Can advances in traction aids and winter tires turn high-powered sports cars into year-round Snowbelt rides? We investigate.
To those of us who endure Michigan winters, with their coatings of dirty slush and skies the color of raw aluminum, the harbingers of spring are keenly cataloged. In grade school, we were taught to be on the lookout for the return of that prodigal son of the avian world, the robin. To the frostbit and vitamin D deficient, the presence of the orange-breasted bird inspires hope that light and warmth will indeed return eventually.
Birds are nice and all. But, for us, the ultimate sign of spring is catching sight of the year’s first Corvette. Thirty years ago, nobody drove their Corvettes in the winter. Not in the upper Midwest, anyway. Nobody. No, winter was the season when you broke out the old Plymouth Volaré and mounted big gnarly snow tires on the rear (steering fidelity is a modern fascination).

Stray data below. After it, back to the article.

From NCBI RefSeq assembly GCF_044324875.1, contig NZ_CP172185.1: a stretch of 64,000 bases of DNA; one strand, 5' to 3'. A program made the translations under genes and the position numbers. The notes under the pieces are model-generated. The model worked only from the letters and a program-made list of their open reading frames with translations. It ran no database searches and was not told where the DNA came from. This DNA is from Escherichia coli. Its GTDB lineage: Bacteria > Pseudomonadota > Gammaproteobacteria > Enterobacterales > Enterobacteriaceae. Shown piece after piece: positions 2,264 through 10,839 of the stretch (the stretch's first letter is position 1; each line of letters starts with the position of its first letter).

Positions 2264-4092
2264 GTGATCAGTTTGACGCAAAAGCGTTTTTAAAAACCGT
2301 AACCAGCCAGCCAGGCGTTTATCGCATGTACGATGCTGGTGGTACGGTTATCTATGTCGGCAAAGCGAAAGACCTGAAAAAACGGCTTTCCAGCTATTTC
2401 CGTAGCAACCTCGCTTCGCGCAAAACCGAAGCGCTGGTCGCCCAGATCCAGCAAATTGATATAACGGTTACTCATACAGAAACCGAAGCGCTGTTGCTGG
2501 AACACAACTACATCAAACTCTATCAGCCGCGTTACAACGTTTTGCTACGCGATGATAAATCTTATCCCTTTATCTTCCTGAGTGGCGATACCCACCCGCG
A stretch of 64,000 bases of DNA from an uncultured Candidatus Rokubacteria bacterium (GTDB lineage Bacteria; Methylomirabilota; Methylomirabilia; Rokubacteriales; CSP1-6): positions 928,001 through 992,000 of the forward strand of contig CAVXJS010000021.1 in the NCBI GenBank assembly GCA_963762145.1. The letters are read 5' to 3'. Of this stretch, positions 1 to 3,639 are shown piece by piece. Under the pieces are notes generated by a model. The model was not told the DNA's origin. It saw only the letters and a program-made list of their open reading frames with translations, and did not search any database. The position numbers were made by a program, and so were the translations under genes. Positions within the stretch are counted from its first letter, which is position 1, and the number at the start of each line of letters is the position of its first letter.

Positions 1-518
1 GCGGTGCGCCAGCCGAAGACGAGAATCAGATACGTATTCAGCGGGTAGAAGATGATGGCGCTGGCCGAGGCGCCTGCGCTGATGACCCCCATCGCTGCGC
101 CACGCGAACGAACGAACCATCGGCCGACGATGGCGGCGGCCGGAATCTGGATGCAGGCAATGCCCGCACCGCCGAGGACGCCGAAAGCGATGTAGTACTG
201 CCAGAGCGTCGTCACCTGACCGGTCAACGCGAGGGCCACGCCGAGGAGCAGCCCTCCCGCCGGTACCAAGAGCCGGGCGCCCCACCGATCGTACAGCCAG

But these days, well, most people still don’t drive their Corvettes in snowy region winters. But some do. A few. We do. For more than a decade, technology has been chipping away at the reasons to hibernate your sports car. Anti-lock brakes begat traction control, which begat stability control, which made better use of available traction. Concurrently, development of non-knobby, non-studded winter tires (you’re not supposed to call them snow tires anymore, except that everyone in the Snowbelt still does) improved traction on snow and ice, increasing not just performance, but comfort.
More recently, carmakers have been active participants in co-developing winter tires for their sports cars. Porsche offers several winter tires in varying sizes (and from various brands) for the 911 and the 718. You can order a Bridgestone Blizzak package from Aston Martin for your DB11. And in 2017, even McLaren got into the game, announcing factory-spec Pirelli MC Sottozero 3 tires for the 570 models.
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